- “Managing content creation distinct from distribution will allow us to be more effective and nimble in making the content consumers want most, delivered in the way they prefer to consume it,” Disney chief executive Bob Chapek said in a company statement announcing the change.
- At heart is a question of how much a legacy company like Disney can — or even should want to — fully pivot away from its profitable legacy businesses. Traditional television and studio, after all, generated $10.2 billion in profit in fiscal 2019. Disney Plus, the company has said, won’t be profitable at all until 2024.
- Attendance is down about 85% on a same-theater basis from last year since reopening began, company says.
- In a recent regulatory filing, AMC disclosed that it burned through more than $230.4 million of its cash in July and August.
- AMC entered the pandemic with $4.9 billion in debt the company had amassed after a string of acquisitions that made it the world’s largest theater chain.
- Entrepreneurs raising money during the pandemic say BDC Capital has not delivered on its promise to offer quick access to capital on friendly terms to help companies affected by the pandemic close funding rounds.
- “I think BDC really missed an opportunity to step in here and help startups during COVID,” said Patrick Lor, a managing partner at Panache Ventures.
- Some founders said BDC representatives provided inconsistent and incomplete information about what funding they were eligible for; nearly all said they were able to close their rounds with private investments on friendlier terms.
- The coronavirus crisis will wreak “lasting damage” on people’s living standards across the world and taxes on the rich and on companies may have to rise to address this economic harm, the IMF has warned.
- This damage will persist because the adjustment from struggling sectors such as travel to expanding ones such as digital technology will inevitably be slow and painful for many people, the IMF said in its twice-yearly World Economic Outlook, published on Tuesday.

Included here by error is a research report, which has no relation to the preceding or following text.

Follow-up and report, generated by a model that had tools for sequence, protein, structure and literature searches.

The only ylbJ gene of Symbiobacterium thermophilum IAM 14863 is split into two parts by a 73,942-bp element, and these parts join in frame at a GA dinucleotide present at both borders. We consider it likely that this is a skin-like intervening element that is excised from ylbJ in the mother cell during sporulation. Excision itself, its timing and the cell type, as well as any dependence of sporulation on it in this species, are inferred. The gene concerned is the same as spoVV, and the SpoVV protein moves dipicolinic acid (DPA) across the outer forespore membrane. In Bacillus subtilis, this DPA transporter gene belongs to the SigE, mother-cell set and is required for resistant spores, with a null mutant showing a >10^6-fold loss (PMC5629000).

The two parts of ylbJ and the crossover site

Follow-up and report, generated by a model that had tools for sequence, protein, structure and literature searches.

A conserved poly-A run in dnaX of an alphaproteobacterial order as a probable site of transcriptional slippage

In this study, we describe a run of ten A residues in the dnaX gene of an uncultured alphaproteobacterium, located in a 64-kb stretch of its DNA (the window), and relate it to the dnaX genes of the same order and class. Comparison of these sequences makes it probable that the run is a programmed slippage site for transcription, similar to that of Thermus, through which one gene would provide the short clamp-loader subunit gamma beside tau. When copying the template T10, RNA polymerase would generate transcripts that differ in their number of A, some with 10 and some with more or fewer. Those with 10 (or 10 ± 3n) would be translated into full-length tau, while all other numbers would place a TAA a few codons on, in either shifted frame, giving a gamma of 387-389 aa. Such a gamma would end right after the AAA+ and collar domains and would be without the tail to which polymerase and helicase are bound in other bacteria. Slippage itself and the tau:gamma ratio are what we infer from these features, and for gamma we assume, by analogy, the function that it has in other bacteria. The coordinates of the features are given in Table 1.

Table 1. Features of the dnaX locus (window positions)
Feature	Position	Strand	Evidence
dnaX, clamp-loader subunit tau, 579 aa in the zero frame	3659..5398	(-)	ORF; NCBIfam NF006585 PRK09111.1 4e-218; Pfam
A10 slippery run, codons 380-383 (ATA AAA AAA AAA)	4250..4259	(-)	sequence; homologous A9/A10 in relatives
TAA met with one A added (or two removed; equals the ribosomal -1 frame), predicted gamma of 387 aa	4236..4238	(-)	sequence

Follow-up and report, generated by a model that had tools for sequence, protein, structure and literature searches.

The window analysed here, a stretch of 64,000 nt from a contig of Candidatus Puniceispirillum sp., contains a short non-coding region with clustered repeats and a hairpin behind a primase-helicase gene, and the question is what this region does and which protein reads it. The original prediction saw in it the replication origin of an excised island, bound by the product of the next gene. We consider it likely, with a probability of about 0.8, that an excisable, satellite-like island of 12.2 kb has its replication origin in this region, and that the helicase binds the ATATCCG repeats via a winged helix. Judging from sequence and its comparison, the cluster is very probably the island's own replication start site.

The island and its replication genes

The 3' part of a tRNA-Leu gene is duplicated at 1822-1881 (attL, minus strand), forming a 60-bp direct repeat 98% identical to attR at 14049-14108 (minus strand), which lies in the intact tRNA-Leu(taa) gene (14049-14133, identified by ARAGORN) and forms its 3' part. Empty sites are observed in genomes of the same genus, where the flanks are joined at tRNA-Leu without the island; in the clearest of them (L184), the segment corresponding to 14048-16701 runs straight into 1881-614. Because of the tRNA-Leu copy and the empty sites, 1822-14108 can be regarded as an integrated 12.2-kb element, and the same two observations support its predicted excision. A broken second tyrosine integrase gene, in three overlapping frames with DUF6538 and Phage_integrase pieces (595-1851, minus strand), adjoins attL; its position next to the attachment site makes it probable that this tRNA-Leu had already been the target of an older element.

- The gloomy prognosis came even after the IMF revised its growth forecasts for this year upwards, reflecting the fact that the second quarter’s recession proved shallower than feared, and countries experienced faster recoveries as they relaxed lockdowns.
- The IMF expects the global economy to experience a 4.4 per cent contraction in 2020, 0.8 percentage points smaller than its June estimate.
- It is believed to be one of the largest COVID-19 outbreaks at any fitness centre in Canada.
- Thirty-seven riders and two staff members have tested positive for novel coronavirus at the James Street North gym.
- It is what infectious disease experts consider a “superspreader” event — a chain reaction of infections set off by a lone case who excretes a higher than normal number of pathogens during their incubation period.
- The owners — who opened the gym in January as one of seven SpinCo studios in Ontario — defended its public health safety guidelines and committed to reopening when permitted in a statement posted to its Instagram page Saturday.